Public to get a chance to comment on transit development proposal

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Mt. Lebanon residents will have the opportunity to comment on a possible major development for the municipality’s business district.

A public comment meeting on March 10 will address transit-oriented development under consideration for a site near the Port Authority light-rail transit station off Washington Road.

“We want active participation,” Eric Milliron, Mt. Lebanon commercial districts manager, said about the meeting, which will be at the municipal building’s commission chambers.

The proposed transit-oriented development is focusing on the proximity of a public transportation hub. The concept has been explored in Mt. Lebanon as far back as 1983, when the now-defunct municipal parking authority acquired the air rights, the ability to develop above the light-rail tracks, from the Port Authority.

The idea has been re-investigated in recent years, with a series of studies considering such issues as feasibility, cost and development opportunities. The latest study is a market analysis conducted last year by Delta Development Group of Wexford, with the goal of preparing a request for proposal aimed at potential developers.

The Mt. Lebanon Economic Development Council has been reviewing the studies in its capacity as an advisory group to municipal commissioners. Among its recommendations is that the municipality place emphasis on low-density development of the site, which would entail the construction of 50 to 60 residential and commercial units.

A high-density alternative calls for up to 160 units, predicated on building an above-tracks platform at an estimated cost of more than $13 million, according to a 2012 preliminary engineering study by Los Angeles-based AECOM. An accompanying parking garage would cost another $13 million-plus.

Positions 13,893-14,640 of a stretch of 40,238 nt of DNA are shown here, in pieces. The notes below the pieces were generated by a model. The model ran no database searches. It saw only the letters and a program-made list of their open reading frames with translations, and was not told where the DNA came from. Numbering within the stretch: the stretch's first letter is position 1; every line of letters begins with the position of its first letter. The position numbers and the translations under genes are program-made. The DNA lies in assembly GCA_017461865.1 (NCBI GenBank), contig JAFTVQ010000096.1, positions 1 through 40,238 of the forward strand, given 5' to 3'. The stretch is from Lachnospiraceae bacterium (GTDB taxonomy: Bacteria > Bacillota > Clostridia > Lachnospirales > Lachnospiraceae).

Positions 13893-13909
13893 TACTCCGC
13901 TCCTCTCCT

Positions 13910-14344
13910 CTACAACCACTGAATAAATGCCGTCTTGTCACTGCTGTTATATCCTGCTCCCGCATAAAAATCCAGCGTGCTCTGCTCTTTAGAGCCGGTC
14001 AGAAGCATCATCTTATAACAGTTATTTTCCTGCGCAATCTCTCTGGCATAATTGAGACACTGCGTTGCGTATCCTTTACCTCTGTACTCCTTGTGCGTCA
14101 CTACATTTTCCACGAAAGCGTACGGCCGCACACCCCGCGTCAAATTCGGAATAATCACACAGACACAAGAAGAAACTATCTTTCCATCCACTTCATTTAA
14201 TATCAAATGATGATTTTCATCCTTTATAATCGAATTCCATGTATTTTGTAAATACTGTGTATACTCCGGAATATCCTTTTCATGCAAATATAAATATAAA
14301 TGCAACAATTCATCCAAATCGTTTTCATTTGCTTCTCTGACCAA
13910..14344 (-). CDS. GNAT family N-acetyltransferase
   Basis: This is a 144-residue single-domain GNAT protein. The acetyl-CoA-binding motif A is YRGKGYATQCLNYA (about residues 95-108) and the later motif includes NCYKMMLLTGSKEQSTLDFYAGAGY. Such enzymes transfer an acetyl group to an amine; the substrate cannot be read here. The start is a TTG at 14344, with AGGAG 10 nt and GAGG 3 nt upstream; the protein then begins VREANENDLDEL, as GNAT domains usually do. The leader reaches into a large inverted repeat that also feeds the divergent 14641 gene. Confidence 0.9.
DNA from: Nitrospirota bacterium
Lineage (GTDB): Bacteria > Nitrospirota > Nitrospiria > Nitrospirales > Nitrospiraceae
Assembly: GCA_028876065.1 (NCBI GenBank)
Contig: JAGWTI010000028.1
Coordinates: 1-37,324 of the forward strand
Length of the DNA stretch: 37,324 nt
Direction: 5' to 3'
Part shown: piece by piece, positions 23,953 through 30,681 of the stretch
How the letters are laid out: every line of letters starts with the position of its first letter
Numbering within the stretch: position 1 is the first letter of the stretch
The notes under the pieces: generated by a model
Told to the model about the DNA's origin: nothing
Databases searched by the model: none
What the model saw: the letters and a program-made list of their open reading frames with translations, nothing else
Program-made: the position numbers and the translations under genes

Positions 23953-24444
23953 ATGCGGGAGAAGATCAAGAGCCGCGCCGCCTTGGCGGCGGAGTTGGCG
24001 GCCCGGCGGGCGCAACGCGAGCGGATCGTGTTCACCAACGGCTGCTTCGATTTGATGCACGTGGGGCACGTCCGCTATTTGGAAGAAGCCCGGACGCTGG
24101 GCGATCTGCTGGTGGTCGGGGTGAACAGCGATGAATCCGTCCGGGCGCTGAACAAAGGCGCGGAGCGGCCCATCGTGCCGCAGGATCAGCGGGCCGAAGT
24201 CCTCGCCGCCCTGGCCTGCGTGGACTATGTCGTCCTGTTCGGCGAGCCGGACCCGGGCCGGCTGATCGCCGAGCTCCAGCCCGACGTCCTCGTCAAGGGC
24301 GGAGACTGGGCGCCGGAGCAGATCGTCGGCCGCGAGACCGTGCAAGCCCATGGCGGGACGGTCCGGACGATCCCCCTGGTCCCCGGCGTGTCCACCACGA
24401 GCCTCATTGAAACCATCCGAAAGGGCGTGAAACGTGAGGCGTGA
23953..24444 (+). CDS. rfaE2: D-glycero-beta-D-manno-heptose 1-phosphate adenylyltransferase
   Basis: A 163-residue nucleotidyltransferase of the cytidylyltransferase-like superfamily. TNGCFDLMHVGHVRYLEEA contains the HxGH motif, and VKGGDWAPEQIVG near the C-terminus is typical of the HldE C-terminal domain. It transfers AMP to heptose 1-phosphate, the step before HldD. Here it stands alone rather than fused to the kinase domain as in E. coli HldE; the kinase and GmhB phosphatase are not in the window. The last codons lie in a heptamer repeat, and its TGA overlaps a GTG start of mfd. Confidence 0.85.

‘The numbers were just so stark,” Mt. Lebanon Economic Development Council chairman Blaine Lucas said at a recent commission meeting, explaining the low-density recommendation. “That seemed like the way we should go.”

Development in that manner would occur principally along East Shady Drive, adjacent to the transit station.

Dan Santoro, Delta Development Group vice president, said the site could be a strong candidate for construction of residential units.

“There’s a lot of activity in multifamily types of development, and that bodes well for this particular type of project,” he told commissioners, citing demand created by baby boomers who are downsizing, young adults seeking rentals and “folks who have been displaced from single-family homes.”

The local market for new retail space might not be quite as strong, according to Delta’s study:

“While the local market is affluent, the close proximity of major shopping malls is a challenge in terms of capturing local spending potential. Similarly, the addition of new residential units will generate increased street activity, but again, not enough to make a notable impact in terms of generating a need for significant new retail space.”

Similarly, the site is “not seen as a primary location for multistory office-type development,” Mr. Santoro said. His firm’s study notes that “small-scale office space could be an option on the first floor of a multistory residential building.”

Even if the municipality pursues the recommended option for the transit-oriented development, the high-density approach still would be a possibility if developers show sufficient interest, said Mr. Lucas.

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